Pope Francis has cast doubt on the case for Scottish independence, saying he asks himself whether the case for it is "clear".
The spiritual leader of the world's 1.2 billion Catholics told a Catalonian newspaper that countries breaking away from larger states should be considered on a "case-by-case basis".
He acknowledged the case was "clear" in in some cases but listed Scotland as one of the cases where "I ask myself it is so clear".
The Pope was asked about the "conflict" between Spain and those in the Catalan region who are campaigning to be a separate state, he told La Vanguardia: "All division worries me."
The leader of the Roman Catholic Church added: "There is independence by emancipation and independence by secession.
"The independences by emancipation, for example, are American, that they were emancipated from the European states.
"The independences of nations by secession is a dismemberment, sometimes it's very obvious.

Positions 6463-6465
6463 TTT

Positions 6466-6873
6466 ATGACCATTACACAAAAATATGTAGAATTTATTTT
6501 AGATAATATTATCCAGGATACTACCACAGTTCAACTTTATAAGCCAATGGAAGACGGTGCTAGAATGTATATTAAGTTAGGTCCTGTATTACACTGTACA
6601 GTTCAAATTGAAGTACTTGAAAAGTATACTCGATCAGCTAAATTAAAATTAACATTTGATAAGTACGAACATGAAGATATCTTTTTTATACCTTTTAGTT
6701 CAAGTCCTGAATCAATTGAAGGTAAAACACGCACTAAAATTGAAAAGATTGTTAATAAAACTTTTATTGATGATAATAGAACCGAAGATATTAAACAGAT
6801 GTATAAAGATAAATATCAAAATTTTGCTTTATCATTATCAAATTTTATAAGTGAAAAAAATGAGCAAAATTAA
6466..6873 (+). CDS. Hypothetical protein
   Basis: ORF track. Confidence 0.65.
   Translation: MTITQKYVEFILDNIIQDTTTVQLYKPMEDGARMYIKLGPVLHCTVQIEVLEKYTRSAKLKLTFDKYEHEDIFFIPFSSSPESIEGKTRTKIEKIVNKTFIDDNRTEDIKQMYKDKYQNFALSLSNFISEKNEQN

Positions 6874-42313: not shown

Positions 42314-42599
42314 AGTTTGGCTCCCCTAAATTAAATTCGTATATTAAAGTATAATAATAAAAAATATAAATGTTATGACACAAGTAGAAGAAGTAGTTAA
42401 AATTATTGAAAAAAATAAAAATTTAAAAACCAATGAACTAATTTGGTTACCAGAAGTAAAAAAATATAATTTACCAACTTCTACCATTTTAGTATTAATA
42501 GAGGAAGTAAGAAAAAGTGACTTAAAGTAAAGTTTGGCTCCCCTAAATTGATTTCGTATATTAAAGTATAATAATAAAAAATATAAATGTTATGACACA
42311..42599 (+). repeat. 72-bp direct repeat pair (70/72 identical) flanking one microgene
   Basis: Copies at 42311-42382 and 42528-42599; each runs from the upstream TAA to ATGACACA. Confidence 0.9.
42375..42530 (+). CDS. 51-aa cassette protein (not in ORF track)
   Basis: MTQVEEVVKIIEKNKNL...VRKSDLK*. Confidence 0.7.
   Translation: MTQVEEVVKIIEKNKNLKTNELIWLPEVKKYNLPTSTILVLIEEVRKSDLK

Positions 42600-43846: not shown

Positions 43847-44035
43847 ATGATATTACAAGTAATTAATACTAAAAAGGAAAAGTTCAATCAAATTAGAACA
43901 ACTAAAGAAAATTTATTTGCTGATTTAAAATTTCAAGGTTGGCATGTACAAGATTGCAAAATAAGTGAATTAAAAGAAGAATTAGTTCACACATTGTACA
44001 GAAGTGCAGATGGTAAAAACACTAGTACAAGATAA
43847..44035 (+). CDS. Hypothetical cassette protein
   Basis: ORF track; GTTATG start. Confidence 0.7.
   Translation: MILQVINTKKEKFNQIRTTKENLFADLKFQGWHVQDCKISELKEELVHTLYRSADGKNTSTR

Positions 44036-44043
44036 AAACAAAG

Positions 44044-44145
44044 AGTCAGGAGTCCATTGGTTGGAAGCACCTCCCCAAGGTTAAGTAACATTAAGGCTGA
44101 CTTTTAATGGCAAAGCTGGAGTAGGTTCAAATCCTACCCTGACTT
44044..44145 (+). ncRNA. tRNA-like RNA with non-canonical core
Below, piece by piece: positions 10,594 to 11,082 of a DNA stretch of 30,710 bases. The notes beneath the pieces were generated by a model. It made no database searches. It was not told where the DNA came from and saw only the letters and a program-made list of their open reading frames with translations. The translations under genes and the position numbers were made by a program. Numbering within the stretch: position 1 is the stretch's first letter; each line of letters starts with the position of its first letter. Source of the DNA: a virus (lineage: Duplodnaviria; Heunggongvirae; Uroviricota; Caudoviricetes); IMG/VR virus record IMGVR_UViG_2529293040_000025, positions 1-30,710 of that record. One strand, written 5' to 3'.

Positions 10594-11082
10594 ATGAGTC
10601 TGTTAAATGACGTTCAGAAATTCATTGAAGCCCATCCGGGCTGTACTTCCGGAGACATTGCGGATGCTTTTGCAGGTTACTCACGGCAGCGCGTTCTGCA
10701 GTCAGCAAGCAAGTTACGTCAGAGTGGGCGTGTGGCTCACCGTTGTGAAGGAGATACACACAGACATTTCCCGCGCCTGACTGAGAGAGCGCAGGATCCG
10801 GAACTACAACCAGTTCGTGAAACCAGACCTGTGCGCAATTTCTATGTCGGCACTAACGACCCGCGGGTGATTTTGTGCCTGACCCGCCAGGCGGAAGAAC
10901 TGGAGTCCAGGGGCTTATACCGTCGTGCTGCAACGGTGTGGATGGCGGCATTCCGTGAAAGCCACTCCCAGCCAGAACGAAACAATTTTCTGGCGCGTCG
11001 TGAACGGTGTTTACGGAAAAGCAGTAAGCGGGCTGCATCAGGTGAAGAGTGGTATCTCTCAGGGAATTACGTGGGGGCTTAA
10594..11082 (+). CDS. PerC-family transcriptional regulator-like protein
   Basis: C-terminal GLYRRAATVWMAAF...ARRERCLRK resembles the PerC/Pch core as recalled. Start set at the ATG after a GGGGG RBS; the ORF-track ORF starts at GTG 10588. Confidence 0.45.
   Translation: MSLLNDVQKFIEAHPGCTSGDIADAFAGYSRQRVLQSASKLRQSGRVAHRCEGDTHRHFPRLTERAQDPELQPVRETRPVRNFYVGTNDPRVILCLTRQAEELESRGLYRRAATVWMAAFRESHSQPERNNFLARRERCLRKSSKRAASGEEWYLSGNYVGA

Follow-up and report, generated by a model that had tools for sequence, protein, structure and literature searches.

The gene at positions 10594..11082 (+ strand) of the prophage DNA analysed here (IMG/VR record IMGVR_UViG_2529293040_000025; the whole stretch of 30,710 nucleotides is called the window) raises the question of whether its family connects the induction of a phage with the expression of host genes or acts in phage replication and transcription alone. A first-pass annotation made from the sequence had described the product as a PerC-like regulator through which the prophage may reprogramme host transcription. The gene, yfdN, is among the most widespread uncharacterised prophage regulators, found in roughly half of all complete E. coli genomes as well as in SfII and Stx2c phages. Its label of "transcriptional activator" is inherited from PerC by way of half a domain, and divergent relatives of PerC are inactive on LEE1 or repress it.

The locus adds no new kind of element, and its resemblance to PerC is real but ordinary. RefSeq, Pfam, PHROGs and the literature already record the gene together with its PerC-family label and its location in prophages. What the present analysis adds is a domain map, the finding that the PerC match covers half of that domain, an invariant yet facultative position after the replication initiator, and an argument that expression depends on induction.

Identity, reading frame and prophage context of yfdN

"Let's think of the former Yugoslavia. Obviously, there are nations with cultures so different that couldn't even be stuck together with glue.
"The Yugoslavian case is very clear, but I ask myself if it is so clear in other cases - Scotland, Padania, Catalunya."
He added: "There will be cases that will be just and cases that will not be just, but the secession of a nation without an antecedent of mandatory unity, one has to take it with a lot of grains of salt and analyse it case by case."
The votes of Scotland's 840,000 Catholics will be crucial when the country of 5.2 million votes in September.
The pope's comments were welcome both the No and Yes campaigns in Scotland.
Labour MP Anne McGuire said Pope Francis was "right to warn about the impact of division".
Commenting on behalf of the pro-UK Better Together campaign, the MP for Stirling said: "This is an interesting and welcome intervention from Pope Francis.
"The Pope is right to warn about the impact of division on society and to draw the distinction between independence for emancipation and that for secession.
"Coming on the back of the interventions by President Obama, Hillary Clinton and JK Rowling, the comments from Pope Francis highlight just how important the decision we have to make in September is."
A spokesman for the pro-independence Yes Scotland campaign said: "As His Holiness says, these matters should be looked at on a case-by-case basis."